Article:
If you’re looking for a job involving CRM or ERP software, Hays’ Harry Gooding outlines what to add to your CV.
Digital transformation means that more and more organisations are using customer relationship management (CRM) and enterprise resource planning (ERP) software to manage their products, as well as internal and external relationships.
I asked Hays recruitment experts Jenna Faust, Kate Wingrove and Megan Meads for their top tips on writing a CV for a new role using Salesforce, ServiceNow or Workday.
Use your personal statement to get across what you’ve already achieved and what you want to achieve. Include the number of years’ experience you have with the software and highlight any skills or past work that best match the job specification.
The personal statement is also an opportunity to tell the reader where you want to transition to in your career – just make sure it aligns with the job you’re applying for.
Provide in-depth descriptions of projects you’ve worked on, the tools you’ve used and what you achieved. This can include end-to-end implementations you’ve been a part of. Note any challenges you faced and how you overcame them – you can elaborate on this in an interview.
Give as much detail as possible in relation to the modules you’ve used, or even configured depending on the software.
Write any geographies you were responsible for and what this meant, such as challenges you faced.
For each relevant role, describe the team you worked with. How big was it? In-house or external consultancy? Local, overseas or hybrid? If it’s significant, include who you reported to. Where relevant, describe the implementation partner and any dealings you had with them.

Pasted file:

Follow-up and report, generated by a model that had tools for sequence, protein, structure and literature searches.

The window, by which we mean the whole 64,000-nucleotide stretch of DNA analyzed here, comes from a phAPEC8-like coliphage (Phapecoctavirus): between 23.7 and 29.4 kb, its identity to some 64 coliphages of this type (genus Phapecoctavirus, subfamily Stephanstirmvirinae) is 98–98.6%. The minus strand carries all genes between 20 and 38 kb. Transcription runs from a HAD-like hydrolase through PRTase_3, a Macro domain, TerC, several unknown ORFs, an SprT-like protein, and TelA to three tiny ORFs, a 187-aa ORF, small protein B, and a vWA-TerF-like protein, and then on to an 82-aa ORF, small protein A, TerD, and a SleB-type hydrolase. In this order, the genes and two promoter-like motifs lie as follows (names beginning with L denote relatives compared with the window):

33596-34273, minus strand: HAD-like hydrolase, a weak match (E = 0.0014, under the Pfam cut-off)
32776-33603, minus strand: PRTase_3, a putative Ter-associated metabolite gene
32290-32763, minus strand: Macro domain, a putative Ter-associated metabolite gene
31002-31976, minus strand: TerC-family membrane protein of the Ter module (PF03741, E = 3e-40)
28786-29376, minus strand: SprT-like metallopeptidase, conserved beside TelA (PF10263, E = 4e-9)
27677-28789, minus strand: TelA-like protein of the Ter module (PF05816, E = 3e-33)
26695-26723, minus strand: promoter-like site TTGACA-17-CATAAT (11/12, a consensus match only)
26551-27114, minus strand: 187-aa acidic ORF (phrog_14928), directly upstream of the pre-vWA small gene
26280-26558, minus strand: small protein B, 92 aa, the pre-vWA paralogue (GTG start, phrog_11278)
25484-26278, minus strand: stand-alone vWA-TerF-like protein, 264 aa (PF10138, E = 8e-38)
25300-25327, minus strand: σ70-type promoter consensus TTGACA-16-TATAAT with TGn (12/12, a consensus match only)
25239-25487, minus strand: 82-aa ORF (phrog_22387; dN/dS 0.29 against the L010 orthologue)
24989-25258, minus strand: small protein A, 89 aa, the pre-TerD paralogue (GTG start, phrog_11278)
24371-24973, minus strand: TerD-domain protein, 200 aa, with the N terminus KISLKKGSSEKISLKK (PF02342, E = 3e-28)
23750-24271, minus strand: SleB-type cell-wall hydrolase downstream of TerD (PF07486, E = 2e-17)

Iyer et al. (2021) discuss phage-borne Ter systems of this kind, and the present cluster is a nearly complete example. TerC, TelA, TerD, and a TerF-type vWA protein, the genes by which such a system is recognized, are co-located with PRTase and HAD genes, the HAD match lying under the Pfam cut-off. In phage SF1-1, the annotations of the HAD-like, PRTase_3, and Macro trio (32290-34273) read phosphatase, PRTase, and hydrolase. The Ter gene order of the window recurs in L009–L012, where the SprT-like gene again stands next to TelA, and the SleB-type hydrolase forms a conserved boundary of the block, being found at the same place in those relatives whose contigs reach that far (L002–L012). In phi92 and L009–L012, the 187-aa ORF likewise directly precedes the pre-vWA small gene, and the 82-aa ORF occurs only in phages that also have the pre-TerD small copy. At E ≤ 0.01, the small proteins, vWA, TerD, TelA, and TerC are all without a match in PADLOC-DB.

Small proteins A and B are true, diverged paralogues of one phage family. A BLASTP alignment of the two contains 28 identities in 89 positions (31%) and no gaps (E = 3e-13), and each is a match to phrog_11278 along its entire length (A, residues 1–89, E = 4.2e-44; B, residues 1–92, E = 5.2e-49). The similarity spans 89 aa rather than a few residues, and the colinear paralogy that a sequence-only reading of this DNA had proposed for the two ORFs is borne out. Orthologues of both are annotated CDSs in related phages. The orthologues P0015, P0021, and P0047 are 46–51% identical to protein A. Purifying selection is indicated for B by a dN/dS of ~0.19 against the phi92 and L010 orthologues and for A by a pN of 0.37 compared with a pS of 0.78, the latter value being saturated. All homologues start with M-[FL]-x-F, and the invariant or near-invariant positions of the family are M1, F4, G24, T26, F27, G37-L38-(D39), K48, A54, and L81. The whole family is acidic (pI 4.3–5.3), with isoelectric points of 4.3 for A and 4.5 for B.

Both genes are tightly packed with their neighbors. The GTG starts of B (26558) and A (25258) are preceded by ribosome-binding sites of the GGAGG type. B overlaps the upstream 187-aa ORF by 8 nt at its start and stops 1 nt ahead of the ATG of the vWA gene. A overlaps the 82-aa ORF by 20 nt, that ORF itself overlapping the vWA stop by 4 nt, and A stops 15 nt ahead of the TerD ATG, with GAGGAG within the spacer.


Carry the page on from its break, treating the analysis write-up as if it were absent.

Show that you’re a well-rounded candidate by listing other experiences that support your application. For example, if you specialise in using Workday, what HR background do you have?
Of course, for the more experienced candidates in particular, it can be easy to end up writing a lot. In this instance, read the job specification again and focus on the projects.
Add a ‘certifications’ section.
List any technical skills you’ve developed in a ‘skills’ section.
If you haven’t been able to fit them into your ‘job history’, list any relevant products or software you’ve worked with. For example, with Salesforce this could include FSL, CPQ or Tableau etc.
Have you been part of any communities or user groups in relation to the software? Let the hiring manager know.
What to do if you have less experience
In your personal statement, explain which experience you’d like to gain in your next role and make sure it matches the job specification.
If you’re in the process of gaining a new certification, note that this is ‘in progress’ and provide the planned completion date.
What to avoid when writing your CV for a job involving CRM or ERP software
Don’t add information for the sake of it that isn’t relevant to the role or hiring company. Link everything back to what you’d be doing if you got the job.
It’s OK to discuss soft skills but don’t just include them without any context. It’s best to evidence these in your job history or personal statement, using examples of your achievements, rather than make generic statements such as ‘creative’ or ‘team player’.
Harry Gooding is director of Hays National Technology for the UK and Ireland. A version of this article originally appeared on the Hays blog.
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